At the foot of the French Pyrenees, dozens of aircraft from all over the world are meticulously lined up like toys in a gigantic parking lot. Since the Covid-19 crisis, Tarmac Aerosave has been overwhelmed by the demand for storage from airlines.
“Since the first confinement, we have had to push back the walls” of Tarmac Aerosave’s platforms, Patrick Lecer, president of this leading European aircraft storage company, present in France and Spain, explains to AFP.
Tarmac Aerosave currently stores about 230 aircraft on its four platforms, up from 150 in 2019. “And the waiting list is long,” notes Lecer.
In the parking lot of the Tarbes platform in southwestern France, a vehicle pulls an A380 for the Emirati airline Etihad.
“When an aircraft is stationary, we don’t leave it abandoned. First, we have to seal all the holes and protect the sensitive areas. Then we test the electronic systems and will perform the necessary maintenance to keep them in flying condition,” explains Sébastien Demouron, head of the storage team.
“Today we are verging on saturation. We have to find the right place for each aircraft, like in the game of Tetris,” he says with a chuckle.
On a “perfectly scaled” map, Yannick Stefanelli, the platform’s operations manager, looks for a place for each plane with the help of magnets of different sizes to “rationalize space as much as possible.”
When it was founded in 2007, Tarmac Aerosave – which is a subsidiary of Airbus, Safran and Suez – had set out to responsibly recycle the first Airbus aircraft delivered in 1970 and reaching the end of their service life.
But, they quickly realized that there was a demand from their customers to store their aircraft.
By the summer of 2019, air traffic was peaking and forecasts were good. In 2020, Tarmac Aerosave hired 150 more people and was forecasting a 20% increase in turnover. But along came the covid.
“We had a growing demand for storage, but we lost 40% of our turnover from maintenance,” the company’s most profitable activity, stresses Tarmac’s president.
This is because, with little visibility on the revival of air traffic, airlines are postponing their heaviest maintenance operations.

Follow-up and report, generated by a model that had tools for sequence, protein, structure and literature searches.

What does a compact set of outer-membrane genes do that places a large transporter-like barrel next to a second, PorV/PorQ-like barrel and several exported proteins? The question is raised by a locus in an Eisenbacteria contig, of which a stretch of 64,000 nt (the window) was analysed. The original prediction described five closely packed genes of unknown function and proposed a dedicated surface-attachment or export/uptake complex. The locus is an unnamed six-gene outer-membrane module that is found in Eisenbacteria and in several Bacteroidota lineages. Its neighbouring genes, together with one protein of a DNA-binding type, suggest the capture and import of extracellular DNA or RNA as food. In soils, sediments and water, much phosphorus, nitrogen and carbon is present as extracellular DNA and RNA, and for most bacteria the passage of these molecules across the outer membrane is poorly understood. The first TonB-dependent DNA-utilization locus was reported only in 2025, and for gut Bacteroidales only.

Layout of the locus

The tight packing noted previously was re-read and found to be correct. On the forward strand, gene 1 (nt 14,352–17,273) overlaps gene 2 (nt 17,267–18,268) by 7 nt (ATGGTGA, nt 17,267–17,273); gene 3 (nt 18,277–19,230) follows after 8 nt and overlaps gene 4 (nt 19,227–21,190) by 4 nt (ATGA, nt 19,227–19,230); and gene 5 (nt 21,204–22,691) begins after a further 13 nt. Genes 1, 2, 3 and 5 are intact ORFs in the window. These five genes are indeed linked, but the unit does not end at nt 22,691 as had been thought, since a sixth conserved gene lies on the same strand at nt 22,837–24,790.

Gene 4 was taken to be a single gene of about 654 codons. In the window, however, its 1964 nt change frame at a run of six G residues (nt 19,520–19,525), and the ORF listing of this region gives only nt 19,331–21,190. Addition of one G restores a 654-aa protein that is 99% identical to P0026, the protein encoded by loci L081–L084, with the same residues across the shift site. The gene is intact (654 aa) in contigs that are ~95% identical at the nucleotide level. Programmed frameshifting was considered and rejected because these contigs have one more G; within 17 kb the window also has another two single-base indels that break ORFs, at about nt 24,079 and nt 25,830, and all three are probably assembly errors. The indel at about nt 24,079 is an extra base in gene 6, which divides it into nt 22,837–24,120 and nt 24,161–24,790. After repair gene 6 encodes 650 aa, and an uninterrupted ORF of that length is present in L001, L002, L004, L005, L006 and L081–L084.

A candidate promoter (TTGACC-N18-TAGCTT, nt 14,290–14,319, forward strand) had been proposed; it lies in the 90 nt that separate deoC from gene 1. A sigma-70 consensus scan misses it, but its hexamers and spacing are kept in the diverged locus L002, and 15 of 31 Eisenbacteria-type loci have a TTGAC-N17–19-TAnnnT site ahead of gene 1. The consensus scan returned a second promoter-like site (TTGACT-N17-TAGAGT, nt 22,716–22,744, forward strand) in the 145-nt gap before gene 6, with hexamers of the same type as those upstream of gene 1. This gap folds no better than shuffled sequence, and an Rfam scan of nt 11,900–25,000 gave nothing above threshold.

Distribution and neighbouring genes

“Some, which were surviving on state aid, are not going to ride out the wave,” and the planes on the ground may never fly again, says Lecer.
His company “has not benefited from the crisis,” he stresses. But it hasn’t fared badly either. “We have managed to stay at the 2019 level, thanks mainly to our four pillars of activity – storage, maintenance, transition and recycling -” which can be used individually depending on the conjuncture.
“Good end of life.”
Meanwhile, for parked aircraft, “it’s important to perform all the small maintenance tasks,” explains Stefanelli, in charge of operations.
And if it is decided to retire an aircraft, “more than 90% of the aircraft is recycled,” says Arthur Rondeau, project manager for the dismantling department.
A “classic” dismantling – outside the A380 – can take six to seven weeks. The customer retrieves some parts that he can resell and then the aircraft is dismantled.
“We often have the image of aircraft piled up and abandoned in the deserts of the United States, which can look like graveyards. Here we take care of aircraft from start to finish to get the most out of them,” he adds.
“We tend to forget that, but these are airplanes that have been around the world. I like to think they’ll have a good end of life here,” says Teddy Saves, a 23-year-old mechanic, as he disassembles a display from an A380.